To mark the 50th anniversary of the tragedy that took their life, ROSCOSMOS recently published information about the crew of SOYUZ-11. Among the documents are the declassified conversations of the cosmonauts before their flight. The site is in its original Russian.
On 30 June 1971, when the crew of the SOYUZ-11 spacecraft were returning to Earth, the capsule depressurized, resulting in the death of all three expedition crewmembers. Georgiy Dobrovolskiy, Vladislav Volkov, and Viktor Patsayev were posthumously awarded the Hero of the Soviet Union medal. ROSCOSMOS refers to the death of the SOYUZ-11 crew “the most grievous tragedy in the entire Soviet and Russian era of space navigation.”
The documents tell how launch preparations went and provide the medical data of the crewmembers. The crewmembers speak about seeing the sky and the sun. The material on the ROSCOSMOS site also provides the last words of the cosmonauts. The last thing heard from them on Earth was Vladislav Volkov’s statement, “We’ll get together tomorrow; get the cognac ready.”
The website dedicates three pages to the event, with the first page providing information on the SOYUZ family of spacecraft, the SOYUZ-11 craft itself, and the scientific orbiting space station SALYUT-1.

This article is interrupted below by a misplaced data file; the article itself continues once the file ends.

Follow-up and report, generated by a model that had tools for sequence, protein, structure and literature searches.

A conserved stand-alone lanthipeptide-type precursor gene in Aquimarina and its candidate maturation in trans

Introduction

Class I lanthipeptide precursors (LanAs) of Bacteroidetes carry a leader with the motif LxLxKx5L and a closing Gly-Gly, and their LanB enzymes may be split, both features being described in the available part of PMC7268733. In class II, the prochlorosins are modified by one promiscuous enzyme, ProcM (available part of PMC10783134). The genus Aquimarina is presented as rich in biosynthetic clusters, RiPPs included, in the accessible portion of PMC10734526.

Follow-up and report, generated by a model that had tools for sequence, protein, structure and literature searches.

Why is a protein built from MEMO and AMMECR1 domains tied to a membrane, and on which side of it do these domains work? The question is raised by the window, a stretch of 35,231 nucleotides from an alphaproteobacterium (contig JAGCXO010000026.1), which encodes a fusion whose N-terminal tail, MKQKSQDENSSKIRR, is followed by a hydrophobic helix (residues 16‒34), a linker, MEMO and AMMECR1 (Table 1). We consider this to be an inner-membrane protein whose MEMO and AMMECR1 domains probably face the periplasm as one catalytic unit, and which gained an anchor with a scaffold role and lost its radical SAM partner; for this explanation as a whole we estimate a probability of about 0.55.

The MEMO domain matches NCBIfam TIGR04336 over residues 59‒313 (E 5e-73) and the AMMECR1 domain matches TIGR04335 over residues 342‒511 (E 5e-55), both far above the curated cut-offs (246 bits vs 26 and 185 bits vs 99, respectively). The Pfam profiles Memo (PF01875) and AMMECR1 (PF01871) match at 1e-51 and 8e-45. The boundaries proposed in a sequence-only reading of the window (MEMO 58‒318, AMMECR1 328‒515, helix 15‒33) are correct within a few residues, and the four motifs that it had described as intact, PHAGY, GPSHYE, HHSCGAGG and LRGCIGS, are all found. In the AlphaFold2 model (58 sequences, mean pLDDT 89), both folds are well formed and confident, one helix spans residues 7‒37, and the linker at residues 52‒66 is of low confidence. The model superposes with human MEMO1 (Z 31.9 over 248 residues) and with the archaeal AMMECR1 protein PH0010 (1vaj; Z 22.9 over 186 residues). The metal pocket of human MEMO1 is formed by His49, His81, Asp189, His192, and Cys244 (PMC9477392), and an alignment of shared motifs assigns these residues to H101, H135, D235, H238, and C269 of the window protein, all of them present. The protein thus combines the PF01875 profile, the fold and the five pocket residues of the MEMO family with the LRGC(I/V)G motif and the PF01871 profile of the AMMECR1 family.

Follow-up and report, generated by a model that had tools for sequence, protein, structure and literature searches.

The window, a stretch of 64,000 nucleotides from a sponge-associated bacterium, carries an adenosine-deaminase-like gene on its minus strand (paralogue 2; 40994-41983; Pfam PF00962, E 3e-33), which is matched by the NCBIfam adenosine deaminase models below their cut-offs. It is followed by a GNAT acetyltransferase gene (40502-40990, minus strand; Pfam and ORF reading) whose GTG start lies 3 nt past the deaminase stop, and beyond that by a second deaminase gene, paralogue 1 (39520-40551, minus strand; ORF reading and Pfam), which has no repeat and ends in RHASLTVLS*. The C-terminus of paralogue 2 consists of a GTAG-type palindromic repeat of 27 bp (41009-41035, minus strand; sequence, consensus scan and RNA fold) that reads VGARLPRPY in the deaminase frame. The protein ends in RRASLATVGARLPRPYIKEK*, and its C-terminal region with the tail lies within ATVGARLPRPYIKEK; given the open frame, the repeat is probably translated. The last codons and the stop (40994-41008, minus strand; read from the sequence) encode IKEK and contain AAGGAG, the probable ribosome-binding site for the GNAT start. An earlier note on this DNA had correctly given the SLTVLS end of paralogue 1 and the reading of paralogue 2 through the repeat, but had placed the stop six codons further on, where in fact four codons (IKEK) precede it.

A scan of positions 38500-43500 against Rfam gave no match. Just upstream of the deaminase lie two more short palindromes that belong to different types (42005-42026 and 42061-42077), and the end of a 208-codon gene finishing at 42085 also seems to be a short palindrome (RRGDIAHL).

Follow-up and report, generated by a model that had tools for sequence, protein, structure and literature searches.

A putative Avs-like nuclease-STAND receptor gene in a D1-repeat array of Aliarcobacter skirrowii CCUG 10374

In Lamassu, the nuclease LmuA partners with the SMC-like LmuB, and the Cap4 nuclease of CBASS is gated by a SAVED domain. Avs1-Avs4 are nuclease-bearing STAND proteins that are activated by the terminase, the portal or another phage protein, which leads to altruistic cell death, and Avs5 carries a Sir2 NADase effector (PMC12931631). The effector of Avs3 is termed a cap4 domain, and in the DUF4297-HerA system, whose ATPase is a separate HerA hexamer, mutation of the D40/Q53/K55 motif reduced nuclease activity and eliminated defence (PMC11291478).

Page two provides information on the main crewmembers (who were eventually replaced after their unsuccessful attempt to dock their craft, SOYUZ-10, to the SALYUT), the backup crew (the SALYUT-11 crew, who took over the mission of the SOYUZ-10 crew), and a stand-by crew. Each individual in this section has a photo and a link to more information on the cosmonaut. Also on the page is information on the flight program with details of the struggle to dock the SOYUZ-10 to SALYUT. There are photos and information from the launch and the flight to the space station. There is a link to an 11-page transcript (recently declassified) of the SOYUZ-11 crew conversations during pre-launch operations with the tracking station. You will also find an excerpt from Dobrovolskiy’s mission diary, and details of the approach and docking to the SALYUT space station (with additional excerpted transmissions between the crew and ground-based mission control during the docking).
The third website page provides details on the accident itself, how it impacted the Soviet space program, and how the cosmonauts were memorialized in Russia, Kazakhstan, and on the moon (through the efforts of the crew of Apollo-15).
At the present time there are no plans to translate the materials for the Translating History website, as we are actively engaged in other projects for the site at this time.